Amar’e Stoudemire Says Miami Heat Are Saving Him for Playoffs

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Amar’e Stoudemire has played in just two games so far this season.

While many would guess it’s because the 33-year-old is struggling through injuries, that couldn’t be further from the case—it’s actually because he’s on a long-term maintenance program. The maintenance program is designed to keep Stoudemire fresh for the playoffs.

According to Stoudemire, via Shandel Richardson of The Sun Sentinel:

“We’ve got a big picture in mind. We know we want to be there in the postseason. We want guys to stay healthy. Now, it’s not about wearing somebody down during the regular season. It’s about really just keeping the maintenance program and making sure we’re at 100 percent strength by the playoffs.”

The Miami Heat big man made his second appearance of the season in the 116-109 win over the Sacramento Kings on Thursday night, scoring 10 points on 4-of-5 shooting in just eight minutes, all of which came in the first quarter.

Head coach Erik Spoelstra commented on the Heat’s handling of Stoudemire:

“Right now, we’re not even focused on production. We’re just focused on him getting more acclimated.”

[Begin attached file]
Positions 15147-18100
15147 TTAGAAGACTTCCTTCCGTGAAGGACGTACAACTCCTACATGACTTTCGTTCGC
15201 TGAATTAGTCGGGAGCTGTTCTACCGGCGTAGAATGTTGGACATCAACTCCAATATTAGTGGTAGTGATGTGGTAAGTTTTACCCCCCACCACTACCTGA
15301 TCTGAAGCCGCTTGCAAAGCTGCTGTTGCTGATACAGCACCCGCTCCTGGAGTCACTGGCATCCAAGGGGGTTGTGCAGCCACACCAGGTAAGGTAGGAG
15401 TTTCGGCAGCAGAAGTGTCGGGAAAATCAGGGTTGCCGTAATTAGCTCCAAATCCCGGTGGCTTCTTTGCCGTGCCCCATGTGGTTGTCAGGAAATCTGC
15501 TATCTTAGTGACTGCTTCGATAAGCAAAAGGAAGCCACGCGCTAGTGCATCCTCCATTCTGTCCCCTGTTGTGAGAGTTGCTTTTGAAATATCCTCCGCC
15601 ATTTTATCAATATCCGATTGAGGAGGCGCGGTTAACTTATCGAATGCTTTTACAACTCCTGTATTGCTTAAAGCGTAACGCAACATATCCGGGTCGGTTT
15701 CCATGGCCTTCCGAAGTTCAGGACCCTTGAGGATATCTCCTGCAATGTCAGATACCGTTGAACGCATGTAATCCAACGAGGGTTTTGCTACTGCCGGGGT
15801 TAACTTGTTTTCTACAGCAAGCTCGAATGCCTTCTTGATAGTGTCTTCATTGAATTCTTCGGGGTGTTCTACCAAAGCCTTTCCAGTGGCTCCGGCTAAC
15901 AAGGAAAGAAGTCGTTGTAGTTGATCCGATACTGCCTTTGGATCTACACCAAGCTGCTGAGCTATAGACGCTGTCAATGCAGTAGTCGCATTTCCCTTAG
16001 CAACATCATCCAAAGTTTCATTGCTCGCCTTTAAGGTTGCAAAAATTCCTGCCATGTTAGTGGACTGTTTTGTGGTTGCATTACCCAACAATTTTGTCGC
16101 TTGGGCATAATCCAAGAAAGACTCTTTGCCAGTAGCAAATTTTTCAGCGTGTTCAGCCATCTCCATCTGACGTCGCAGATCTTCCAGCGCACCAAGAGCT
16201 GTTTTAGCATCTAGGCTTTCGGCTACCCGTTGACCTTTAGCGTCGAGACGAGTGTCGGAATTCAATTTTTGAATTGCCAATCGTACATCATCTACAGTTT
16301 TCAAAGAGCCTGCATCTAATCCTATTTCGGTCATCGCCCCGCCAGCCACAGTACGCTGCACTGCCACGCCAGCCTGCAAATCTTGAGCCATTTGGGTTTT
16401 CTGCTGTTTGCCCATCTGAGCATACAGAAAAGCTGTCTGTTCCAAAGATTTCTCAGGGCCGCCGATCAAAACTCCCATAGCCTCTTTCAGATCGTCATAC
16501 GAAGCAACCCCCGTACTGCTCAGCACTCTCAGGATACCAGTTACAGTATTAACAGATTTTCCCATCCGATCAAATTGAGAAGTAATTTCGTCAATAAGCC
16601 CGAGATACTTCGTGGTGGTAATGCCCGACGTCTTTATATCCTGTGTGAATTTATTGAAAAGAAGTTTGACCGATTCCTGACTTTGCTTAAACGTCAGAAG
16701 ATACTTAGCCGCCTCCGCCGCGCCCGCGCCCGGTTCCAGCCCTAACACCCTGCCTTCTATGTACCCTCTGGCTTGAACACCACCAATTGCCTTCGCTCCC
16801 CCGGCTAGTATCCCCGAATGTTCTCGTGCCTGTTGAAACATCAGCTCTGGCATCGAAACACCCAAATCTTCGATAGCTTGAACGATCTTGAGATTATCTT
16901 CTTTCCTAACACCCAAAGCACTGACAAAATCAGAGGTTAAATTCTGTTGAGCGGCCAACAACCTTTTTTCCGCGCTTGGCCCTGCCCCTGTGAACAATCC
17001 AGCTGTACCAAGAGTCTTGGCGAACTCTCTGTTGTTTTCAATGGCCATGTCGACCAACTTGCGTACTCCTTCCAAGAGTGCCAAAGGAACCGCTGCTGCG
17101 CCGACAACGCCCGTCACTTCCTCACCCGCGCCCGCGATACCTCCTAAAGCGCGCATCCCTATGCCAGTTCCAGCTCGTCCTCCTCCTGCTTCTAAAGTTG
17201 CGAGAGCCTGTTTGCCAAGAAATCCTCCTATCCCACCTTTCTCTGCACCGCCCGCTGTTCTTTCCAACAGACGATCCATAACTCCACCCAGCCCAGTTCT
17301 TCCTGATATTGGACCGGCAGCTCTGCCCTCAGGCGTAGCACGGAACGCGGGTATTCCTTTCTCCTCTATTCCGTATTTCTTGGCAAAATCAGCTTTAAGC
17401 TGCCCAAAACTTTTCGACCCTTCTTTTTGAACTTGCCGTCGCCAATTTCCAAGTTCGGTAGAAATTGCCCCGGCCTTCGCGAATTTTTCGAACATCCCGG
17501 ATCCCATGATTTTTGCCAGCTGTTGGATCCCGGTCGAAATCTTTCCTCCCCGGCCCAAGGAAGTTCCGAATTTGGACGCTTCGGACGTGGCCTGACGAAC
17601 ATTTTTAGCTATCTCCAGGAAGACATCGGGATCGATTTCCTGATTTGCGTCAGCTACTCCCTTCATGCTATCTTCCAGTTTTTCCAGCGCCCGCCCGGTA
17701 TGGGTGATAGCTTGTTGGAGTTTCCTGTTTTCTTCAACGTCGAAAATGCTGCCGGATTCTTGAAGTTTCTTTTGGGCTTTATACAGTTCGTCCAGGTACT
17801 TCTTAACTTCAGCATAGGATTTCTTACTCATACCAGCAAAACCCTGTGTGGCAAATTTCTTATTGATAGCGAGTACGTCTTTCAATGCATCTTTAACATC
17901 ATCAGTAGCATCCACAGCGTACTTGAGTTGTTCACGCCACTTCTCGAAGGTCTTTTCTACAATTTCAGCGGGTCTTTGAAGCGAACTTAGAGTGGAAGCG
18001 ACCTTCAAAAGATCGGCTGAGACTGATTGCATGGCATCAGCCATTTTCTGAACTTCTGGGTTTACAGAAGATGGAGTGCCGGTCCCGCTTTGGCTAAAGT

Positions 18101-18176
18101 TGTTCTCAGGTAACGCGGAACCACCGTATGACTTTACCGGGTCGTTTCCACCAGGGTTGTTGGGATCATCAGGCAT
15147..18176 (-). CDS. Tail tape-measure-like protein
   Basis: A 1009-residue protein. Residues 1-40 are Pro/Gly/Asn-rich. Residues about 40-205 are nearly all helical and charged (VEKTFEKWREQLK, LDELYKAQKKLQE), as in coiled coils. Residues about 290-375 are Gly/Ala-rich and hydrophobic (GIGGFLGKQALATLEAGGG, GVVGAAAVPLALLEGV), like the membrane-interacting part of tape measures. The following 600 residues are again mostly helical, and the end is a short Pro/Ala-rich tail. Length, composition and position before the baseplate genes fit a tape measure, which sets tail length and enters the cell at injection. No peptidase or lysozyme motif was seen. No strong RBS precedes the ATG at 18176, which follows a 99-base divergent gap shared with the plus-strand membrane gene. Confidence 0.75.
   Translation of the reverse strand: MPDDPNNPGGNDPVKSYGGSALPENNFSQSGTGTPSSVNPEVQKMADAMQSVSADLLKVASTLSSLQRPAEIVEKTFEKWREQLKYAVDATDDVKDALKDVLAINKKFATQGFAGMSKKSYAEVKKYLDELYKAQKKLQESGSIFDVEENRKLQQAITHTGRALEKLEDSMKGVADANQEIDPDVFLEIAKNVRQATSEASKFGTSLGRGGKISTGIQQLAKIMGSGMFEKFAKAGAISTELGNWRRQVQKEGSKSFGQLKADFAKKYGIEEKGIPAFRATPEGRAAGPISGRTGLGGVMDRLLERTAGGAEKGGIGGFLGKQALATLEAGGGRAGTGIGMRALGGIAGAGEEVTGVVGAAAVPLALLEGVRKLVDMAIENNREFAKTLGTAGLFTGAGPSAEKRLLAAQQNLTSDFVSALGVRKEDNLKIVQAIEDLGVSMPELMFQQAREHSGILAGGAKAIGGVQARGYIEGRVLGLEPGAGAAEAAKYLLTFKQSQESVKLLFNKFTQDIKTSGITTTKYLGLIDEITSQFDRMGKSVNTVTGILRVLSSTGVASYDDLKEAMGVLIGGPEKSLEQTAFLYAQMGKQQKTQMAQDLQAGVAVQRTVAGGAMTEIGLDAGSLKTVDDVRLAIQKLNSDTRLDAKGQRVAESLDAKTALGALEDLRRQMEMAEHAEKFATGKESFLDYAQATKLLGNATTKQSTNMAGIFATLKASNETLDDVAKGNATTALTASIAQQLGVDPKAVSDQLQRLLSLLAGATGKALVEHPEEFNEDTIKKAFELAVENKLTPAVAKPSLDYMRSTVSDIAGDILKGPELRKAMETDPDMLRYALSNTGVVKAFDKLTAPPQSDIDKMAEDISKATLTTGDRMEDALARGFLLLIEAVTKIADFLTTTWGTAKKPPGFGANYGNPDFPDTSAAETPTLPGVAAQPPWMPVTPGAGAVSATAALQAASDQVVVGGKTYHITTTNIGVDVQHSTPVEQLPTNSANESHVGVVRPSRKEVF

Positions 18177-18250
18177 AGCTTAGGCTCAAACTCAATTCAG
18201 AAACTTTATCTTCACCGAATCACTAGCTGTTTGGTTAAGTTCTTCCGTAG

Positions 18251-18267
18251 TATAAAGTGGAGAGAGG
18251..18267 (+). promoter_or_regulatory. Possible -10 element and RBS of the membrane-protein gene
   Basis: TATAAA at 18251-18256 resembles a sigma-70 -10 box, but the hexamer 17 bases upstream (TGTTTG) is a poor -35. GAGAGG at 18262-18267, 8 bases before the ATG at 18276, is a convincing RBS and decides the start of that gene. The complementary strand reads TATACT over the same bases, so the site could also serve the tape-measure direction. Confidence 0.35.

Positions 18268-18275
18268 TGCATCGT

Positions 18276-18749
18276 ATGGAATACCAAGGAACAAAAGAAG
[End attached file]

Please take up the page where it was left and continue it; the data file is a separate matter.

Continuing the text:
Spoelstra stressed that Stoudemire has had no physical setbacks since training camp began. The 6’11” big has spent most of his time preparing for the sporadic schedule by working out before and after the games he doesn’t play.

Teammate Chris Bosh gave his take on the situation:

“It’s November. It takes a long time. His body has to recover and react from all the tough things that he’s gone through over the course of his career. He’s always going to be ready no matter what. He didn’t have a setback from Thursday, that’s good. We’re a big-picture team. This team was assembled to do special things in the spring. We have to keep that in mind as we continue to ascend to where we want to go.”

This is an interesting situation considering the Heat could use scoring from a player like Stoudemire off of the bench. While it’s nice to see the team is thinking of the long-term picture, if the 33-year-old is playing once or a couple of times every three weeks, how is he going to get acclimated to when the game gets more physical during the postseason?

The Heat believe this maintenance program is in the best interest of the team and Stoudemire, so we’ll see how this plays out over the course of the season.
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D.J. Siddiqi grew up in the heart of South Florida in Broward County. Growing up in South Florida during the late 90's and 2000's, D.J. witnessed the Pat Riley years where the Miami Heat faced off with the New York Knicks all the way to the painful late 2000's seasons where the Heat were a one-man team with Dwyane Wade. D.J. has closely followed the Heat over the past decade-and-a-half, and unfortunately witnessed Game 2 of the 2011 NBA Finals in person when the Dallas Mavericks overcame a 15-point deficit to knock off the Heat. D.J. has writing experience as a columnist with sites such as Bleacher Report and Rant Sports, and he is proud to bring his knowledge of the Heat and the NBA to Heat Nation.